Hebrew is a Semitic language spoken by the majority of the 7 million people in Israel. Ancient (or Classical) Hebrew flourished as a spoken language from sometime before the 10th Century BC. It faded as a spoken language around the 3rd or 4th Century BC, replaced by Aramaic, but it remained as a lingua franca with scholars and was used by the Jewish community around the world. It continued as a written form for contracts, laws, commerce, and poetry. Near the end of the 19th Century,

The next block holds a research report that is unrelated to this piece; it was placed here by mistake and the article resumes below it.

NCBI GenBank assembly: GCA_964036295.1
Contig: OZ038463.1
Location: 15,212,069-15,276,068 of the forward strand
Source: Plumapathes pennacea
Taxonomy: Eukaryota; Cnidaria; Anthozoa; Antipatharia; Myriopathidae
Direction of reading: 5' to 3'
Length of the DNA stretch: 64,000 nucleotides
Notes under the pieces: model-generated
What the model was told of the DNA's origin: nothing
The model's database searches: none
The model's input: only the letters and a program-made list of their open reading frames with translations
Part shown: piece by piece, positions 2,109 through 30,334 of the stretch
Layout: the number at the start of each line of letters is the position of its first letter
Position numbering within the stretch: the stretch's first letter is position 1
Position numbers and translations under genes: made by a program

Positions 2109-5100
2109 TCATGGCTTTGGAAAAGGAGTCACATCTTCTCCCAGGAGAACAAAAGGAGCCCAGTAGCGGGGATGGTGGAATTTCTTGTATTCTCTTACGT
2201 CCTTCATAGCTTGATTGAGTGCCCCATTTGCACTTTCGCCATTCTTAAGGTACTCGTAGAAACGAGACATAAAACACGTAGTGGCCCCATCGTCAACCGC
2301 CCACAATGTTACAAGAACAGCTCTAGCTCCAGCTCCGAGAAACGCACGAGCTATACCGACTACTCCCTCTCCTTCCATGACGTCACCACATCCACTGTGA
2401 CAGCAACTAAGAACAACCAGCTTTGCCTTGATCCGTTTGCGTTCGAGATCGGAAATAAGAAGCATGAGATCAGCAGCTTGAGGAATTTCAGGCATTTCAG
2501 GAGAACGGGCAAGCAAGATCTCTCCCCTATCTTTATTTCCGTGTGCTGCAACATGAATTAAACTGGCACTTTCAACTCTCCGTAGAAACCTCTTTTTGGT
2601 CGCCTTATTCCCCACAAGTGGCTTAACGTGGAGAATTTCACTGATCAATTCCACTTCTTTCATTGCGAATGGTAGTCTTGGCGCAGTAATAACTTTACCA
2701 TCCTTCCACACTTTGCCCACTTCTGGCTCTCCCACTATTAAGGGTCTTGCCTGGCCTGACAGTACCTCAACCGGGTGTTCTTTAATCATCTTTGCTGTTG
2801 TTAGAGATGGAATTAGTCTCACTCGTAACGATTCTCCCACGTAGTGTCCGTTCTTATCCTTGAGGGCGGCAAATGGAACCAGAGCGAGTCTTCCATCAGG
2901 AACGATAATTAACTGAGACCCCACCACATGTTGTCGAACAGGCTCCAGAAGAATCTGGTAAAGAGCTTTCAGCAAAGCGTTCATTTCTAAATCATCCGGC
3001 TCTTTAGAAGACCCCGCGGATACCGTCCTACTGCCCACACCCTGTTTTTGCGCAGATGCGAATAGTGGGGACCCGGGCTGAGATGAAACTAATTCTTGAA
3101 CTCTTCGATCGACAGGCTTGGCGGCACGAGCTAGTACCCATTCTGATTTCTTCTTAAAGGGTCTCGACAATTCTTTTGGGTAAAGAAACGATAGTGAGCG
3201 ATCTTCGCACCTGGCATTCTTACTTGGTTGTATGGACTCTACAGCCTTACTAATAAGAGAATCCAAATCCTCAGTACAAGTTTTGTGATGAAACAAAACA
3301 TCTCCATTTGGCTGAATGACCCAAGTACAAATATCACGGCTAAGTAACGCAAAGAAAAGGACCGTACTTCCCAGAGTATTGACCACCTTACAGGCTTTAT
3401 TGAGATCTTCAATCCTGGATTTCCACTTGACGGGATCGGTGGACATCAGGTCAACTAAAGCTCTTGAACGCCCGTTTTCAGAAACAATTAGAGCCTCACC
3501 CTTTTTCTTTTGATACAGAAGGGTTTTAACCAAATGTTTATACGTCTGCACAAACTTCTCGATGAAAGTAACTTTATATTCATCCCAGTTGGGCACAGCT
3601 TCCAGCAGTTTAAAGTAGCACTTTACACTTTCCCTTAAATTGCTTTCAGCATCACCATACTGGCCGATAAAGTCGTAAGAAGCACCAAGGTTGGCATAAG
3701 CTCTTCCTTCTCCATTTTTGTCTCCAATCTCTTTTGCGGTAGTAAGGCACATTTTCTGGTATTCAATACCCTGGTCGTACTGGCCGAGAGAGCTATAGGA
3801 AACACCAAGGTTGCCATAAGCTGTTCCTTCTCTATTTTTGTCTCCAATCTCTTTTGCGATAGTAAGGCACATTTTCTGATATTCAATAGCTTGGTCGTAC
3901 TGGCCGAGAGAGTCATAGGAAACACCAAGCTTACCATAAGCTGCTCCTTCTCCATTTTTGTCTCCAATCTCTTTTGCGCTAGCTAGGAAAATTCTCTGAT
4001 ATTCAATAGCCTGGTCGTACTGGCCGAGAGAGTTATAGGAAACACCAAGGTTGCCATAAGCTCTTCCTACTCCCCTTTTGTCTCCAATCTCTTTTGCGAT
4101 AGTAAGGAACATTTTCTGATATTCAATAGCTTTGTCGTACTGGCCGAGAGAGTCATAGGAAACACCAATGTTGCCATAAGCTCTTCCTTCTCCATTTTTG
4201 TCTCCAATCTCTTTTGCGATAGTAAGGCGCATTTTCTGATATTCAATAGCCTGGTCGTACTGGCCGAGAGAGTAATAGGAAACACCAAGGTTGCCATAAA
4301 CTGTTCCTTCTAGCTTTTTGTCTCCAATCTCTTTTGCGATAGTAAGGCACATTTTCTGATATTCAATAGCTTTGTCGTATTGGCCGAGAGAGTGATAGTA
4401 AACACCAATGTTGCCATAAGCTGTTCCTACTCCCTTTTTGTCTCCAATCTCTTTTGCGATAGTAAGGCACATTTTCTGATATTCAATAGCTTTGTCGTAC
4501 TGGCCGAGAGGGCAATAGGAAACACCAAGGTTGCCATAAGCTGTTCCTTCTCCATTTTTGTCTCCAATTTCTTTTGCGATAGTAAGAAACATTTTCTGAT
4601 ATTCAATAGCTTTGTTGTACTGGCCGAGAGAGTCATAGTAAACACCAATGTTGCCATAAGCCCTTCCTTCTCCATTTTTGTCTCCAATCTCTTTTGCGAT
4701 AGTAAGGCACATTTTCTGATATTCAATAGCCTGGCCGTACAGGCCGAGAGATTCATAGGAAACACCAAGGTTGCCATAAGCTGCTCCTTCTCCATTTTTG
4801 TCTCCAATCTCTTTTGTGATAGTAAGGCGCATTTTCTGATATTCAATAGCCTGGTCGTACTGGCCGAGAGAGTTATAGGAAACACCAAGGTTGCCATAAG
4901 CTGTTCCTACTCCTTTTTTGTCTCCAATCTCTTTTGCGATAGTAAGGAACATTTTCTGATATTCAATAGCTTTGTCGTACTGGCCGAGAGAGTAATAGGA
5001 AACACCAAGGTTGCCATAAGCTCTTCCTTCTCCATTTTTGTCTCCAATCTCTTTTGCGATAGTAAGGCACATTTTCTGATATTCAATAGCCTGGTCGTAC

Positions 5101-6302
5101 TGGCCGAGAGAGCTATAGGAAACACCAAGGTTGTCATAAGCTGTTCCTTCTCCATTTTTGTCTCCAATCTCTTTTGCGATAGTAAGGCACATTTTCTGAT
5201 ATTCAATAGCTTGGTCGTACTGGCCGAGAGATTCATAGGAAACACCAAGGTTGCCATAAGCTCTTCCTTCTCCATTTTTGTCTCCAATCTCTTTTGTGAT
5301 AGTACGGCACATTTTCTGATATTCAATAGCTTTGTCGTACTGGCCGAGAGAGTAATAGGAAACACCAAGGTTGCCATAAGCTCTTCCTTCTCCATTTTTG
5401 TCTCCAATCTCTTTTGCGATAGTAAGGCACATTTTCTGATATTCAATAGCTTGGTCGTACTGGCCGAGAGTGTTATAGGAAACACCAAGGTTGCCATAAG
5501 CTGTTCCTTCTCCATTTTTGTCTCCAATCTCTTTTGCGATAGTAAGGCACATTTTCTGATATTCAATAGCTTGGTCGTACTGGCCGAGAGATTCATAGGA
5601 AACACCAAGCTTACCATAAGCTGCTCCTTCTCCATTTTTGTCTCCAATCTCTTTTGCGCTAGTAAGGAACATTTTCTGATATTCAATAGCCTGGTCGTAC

it was revived in its present form as Modern Hebrew and replaced a score of languages spoken by Jews at this time. It was declared an official language in British-ruled Palestine in 1921, along with English and Arabic. In 1948 it became an official language of the newly-declared state of Israel.
Modern Hebrew is written from right to left, using the Hebrew alphabet.
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“I learned just enough Haitian Creole using the short Pimsleur program to be wildly enthusiastic about talking to the some of the Haitian people who come to the library where I work.”